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IT Audit

An IT audit is the examination and evaluation of an organization's information technology infrastructure, policies and operations. Information technology audits determine whether IT controls protect corporate assets, ensure data integrity and are aligned with the business's overall goals.

Because operations at modern companies are increasingly computerized, IT audits are used to ensure information-related controls and processes are working properly. The primary objectives of an IT audit include:

  • Evaluate the systems and processes in place that secure company data.
  • Determine risks to a company's information assets, and help identify methods to minimize those risks.
  • Ensure information management processes are in compliance with IT-specific laws, policies and standards.
  • Determine inefficiencies in IT systems and associated management.

  • An IT audit can be defined as any audit that encompasses review and evaluation of automated information processing systems, related non-automated processes and the interfaces among them. Planning the IT audit involves two major steps. The first step is to gather information and do some planning the second step is to gain an understanding of the existing internal control structure. More and more organizations are moving to a risk-based audit approach which is used to assess risk and helps an IT auditor make the decision as to whether to perform compliance testing or substantive testing. In a risk-based approach, IT auditors are relying on internal and operational controls as well as the knowledge of the company or the business. This type of risk assessment decision can help relate the cost-benefit analysis of the control to the known risk. In the “Gathering Information” step the IT auditor needs to identify five items:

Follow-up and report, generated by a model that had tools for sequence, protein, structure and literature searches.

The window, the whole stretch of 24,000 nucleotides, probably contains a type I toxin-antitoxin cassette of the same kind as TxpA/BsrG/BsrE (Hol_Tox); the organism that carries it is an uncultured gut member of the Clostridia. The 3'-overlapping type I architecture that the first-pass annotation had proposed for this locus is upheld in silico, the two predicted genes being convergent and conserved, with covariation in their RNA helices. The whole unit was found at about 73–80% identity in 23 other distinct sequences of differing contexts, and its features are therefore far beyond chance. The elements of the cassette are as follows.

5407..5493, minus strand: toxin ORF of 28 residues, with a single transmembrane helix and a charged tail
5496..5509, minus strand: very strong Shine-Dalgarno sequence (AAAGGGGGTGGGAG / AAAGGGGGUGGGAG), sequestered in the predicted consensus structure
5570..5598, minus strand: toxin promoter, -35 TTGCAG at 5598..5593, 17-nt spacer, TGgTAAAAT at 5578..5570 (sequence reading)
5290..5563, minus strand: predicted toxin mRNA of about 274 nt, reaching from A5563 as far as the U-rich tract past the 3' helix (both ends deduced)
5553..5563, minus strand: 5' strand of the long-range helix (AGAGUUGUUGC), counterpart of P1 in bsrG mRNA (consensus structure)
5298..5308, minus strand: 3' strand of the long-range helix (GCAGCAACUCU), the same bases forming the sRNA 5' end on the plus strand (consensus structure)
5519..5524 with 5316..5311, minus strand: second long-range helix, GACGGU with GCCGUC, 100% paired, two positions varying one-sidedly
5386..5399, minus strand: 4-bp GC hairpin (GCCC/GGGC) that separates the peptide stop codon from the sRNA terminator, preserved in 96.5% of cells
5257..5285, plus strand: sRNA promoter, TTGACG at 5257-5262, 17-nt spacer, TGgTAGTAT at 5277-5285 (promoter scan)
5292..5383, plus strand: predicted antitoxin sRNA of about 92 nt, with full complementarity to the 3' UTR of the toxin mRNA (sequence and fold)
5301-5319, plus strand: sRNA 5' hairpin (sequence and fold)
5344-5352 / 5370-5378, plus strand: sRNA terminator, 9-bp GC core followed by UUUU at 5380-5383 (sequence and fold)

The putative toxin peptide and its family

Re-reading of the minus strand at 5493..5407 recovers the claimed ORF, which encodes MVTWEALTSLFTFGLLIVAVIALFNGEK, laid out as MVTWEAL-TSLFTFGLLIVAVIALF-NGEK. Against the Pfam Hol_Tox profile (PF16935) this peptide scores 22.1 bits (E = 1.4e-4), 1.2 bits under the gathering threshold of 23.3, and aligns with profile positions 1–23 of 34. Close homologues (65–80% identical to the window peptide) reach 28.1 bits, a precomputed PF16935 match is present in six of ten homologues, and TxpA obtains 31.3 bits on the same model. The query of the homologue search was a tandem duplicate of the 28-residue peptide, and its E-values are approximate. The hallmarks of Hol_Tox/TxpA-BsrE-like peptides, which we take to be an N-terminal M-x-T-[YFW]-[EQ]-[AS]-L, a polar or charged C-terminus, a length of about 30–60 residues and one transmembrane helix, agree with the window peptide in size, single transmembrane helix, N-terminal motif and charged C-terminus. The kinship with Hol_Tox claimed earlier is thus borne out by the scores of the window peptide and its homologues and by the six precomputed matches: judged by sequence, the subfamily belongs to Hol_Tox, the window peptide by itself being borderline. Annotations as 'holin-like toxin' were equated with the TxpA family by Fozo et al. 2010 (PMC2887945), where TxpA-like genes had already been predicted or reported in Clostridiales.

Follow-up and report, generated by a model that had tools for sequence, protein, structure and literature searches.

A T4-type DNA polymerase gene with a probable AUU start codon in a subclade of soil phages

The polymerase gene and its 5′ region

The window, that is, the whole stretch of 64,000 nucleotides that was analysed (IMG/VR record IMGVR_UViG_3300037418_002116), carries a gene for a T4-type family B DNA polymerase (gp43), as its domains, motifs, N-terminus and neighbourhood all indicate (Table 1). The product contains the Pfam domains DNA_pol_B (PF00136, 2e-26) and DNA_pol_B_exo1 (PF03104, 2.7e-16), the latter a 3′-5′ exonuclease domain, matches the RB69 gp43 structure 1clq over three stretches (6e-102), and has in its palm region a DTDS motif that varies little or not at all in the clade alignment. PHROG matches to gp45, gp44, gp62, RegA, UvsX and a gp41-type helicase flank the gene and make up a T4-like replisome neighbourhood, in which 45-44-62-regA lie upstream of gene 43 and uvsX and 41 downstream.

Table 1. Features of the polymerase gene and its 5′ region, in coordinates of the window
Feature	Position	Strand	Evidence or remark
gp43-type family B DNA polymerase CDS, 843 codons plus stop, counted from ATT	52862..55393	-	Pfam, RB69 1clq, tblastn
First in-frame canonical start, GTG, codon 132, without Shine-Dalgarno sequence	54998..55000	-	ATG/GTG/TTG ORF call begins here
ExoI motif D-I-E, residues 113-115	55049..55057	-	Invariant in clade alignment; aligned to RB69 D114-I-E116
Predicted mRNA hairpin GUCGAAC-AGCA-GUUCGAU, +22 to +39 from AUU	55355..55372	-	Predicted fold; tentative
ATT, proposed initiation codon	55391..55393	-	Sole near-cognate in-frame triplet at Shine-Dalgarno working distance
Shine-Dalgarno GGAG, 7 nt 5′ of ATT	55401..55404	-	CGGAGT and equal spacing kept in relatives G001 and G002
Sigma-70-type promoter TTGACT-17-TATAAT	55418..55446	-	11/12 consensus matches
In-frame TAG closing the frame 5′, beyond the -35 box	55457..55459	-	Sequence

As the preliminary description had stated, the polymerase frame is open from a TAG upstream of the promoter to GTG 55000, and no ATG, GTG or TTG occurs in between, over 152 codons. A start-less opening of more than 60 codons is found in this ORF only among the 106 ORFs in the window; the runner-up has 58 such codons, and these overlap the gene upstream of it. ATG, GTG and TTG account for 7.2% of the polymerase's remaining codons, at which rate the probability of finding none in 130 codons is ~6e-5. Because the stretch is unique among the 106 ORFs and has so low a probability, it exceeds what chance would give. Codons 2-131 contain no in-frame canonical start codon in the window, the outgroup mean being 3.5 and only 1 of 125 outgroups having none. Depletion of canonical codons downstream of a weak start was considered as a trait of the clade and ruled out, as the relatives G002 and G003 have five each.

• Knowledge of business and industry
  • Prior year’s audit results
  • Recent financial information
  • Regulatory statutes
  • Inherent risk assessments

  • A side note on “Inherent risks”, is to define it as the risk that an error exists that could be material or significant when combined with other errors encountered during the audit, assuming there are no related compensating controls. As an example, complex database updates are more likely to be miswritten than simple ones, and thumb drives are more likely to be stolen (misappropriated) than blade servers in a server cabinet. Inherent risks exist independent of the audit and can occur because of the nature of the business.
    In the “Gain an Understanding of the Existing Internal Control Structure” step, the IT auditor needs to identify five other areas/items:

  • Control environment
  • Control procedures
  • Detection risk assessment
  • Control risk assessment
  • Equate total risk

  • Once the IT auditor has “Gathered Information” and “Understands the Control” then they are ready to begin the planning, or selection of areas, to be audited. Remember one of the key pieces of information that you will need in the initial steps is a current Business Impact Analysis (BIA), to assist you in selecting the application which support the most critical or sensitive business functions.